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Public-School-Negligence-300x262Black’s Law Dictionary defined Corporal Punishment as follows:

“Physical punishment as distinguished from pecuniary punishment or a fine; any kind of punishment of or inflicted on the body, such as whipping or the pillory; the term may or may not include imprisonment, according to the context.”

Many people think that corporal punishment is a thing of the past. An archaic or old-fashioned manner of punishment that was once common in the school system.  As an elementary school student of the 1970s, I recall classmates coming back from the principal’s office with a face that was red like a tomato and tears flowing out like there was no tomorrow.  It was clear that these classmates underwent the punishment of a paddling.  Many people would be surprised to know that corporal punishment in the form of paddling and other measures is still in place.

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Building-Blocks-300x271Day care centers should be safe havens. For most children, a typical day at a child care center involves some adventure, snacks, and, yes, that all important nap.  Unfortunately, and tragically for some toddlers, they do not return home at all following a visit to a child care center.  These children do not return home because they died due to the neglect of a day care center.  There is nothing worse for a parent than to bury a child. Nightmares turn into realities.  One such place that tragedies take place is the unlicensed day care center.  In most cases, the unlicensed day care center lacks any appreciable assets or liability insurance.  As such, while a legal action or lawsuit can be filed against the day care center, the collectability of a potential settlement or verdict is highly unlikely to improbable to impossible.  In other words, a strong legal case against a defendant does not mean that there is an economically viable defendant to collect from.

This past July an incident occurred within an unlicensed Tennessee daycare leaving twin babies died. The day care center operator was indicted on two counts of criminally negligent homicide in connection with the death of the two children. The parents of the children filed a wrongful death lawsuit last month seeking compensation of over 50 million dollars. While this seems like a substantial case and demand, a victory in court will most likely be a hollow one since any verdict will probably be uncollectible.  As a general statement, unlicensed day care centers are typically operated by people who cut corners and who do not follow rules.  Furthermore, unlicensed day care centers are usually operated by individuals who have little to no assets to collect upon when there is a sizable verdict against the facility.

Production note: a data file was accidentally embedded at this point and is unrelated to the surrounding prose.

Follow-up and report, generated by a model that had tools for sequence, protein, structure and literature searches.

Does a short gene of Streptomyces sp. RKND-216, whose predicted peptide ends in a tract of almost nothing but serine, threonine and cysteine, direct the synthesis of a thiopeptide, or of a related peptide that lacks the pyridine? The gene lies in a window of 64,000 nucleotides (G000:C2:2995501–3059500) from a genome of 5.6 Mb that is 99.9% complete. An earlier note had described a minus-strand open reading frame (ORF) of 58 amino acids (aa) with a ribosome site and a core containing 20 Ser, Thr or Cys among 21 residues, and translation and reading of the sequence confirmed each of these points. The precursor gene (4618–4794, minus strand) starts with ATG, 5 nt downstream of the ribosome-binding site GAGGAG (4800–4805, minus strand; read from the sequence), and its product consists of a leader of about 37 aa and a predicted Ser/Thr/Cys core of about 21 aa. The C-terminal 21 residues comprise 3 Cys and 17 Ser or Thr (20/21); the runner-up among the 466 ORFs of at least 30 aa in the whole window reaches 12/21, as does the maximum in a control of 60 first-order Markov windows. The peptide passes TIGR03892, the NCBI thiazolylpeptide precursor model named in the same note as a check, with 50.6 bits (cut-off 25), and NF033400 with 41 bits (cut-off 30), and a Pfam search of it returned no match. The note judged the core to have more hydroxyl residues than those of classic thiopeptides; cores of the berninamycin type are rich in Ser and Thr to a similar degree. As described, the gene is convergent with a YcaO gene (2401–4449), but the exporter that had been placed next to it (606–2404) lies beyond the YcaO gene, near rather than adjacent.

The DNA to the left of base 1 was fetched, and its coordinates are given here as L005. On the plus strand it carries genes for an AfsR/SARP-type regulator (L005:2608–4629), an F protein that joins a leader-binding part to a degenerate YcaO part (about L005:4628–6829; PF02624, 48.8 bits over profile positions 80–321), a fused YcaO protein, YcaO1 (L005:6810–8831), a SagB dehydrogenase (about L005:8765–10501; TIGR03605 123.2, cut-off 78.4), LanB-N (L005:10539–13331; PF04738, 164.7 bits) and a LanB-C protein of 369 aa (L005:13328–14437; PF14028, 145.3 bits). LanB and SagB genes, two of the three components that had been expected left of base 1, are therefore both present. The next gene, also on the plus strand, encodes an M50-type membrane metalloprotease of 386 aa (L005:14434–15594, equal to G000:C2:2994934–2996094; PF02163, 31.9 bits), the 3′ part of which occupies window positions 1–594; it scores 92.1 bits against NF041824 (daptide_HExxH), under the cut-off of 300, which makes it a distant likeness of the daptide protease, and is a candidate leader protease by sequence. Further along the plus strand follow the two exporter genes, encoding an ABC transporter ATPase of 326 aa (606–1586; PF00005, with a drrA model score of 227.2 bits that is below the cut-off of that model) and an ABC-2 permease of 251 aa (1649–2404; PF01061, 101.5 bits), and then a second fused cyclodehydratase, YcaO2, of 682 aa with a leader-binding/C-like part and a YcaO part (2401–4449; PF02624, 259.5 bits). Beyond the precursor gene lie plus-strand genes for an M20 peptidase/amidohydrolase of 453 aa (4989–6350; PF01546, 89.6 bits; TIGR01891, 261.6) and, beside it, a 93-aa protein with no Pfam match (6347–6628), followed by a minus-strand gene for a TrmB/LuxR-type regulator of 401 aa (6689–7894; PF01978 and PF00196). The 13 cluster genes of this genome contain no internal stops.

Parents should check to see if a day care center is licensed and insured.  While these are not the only factors to consider, if the day care center lacks a license or insurance, it can be a red flag to stay away from that day care center and find one with both liability insurance and licensure in place.  When evaluating a potential case against a day care center, one of the first factors considered is the availabilty and amount of liability insurance.  While a day care center may be legally liable for damages related to personal injuries or death to a child, this does not mean that the day care center owner will ultimately be able to pay out a settlement or verdict rendered in favor of the injured child.

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Video-Surveillance-in-Child-CareIn day care centers across the nation, there are countless acts of abuse and neglect. Some get swept under the rug and never get reported. Children enrolled in a child care center often is an easy target because of age, the inability to defend himself or herself, and the lack of communication skills to alert parents and other adults of the abuse.  Being a child care provider is not easy task.  It requires a person who is alert, physically able, and patient.  Unfortunately, far too many day care centers are run or staffed with unqualified and downright abusive people.

There are plenty of excellent day care centers that do not have video surveillance. On the “wish list” of things to have in a day care center, it is at times helpful to have video surveillance in place.  There are a number of benefits to having video surveillance in place as follows:

Video surveillance is another “set of eyes” supervising the care provided to the children.

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Swimming-and-Drowing-Risks-300x244During the summer months, swimming is a wonderful activity for children.  It can also be a dangerous one. According to the Center for Disease Control and Prevention, drowning is listed as the top cause of death for children ages one to four years old.  For older children ranging in age from five to nineteen years old, drowning is listed as the third leading cause of death.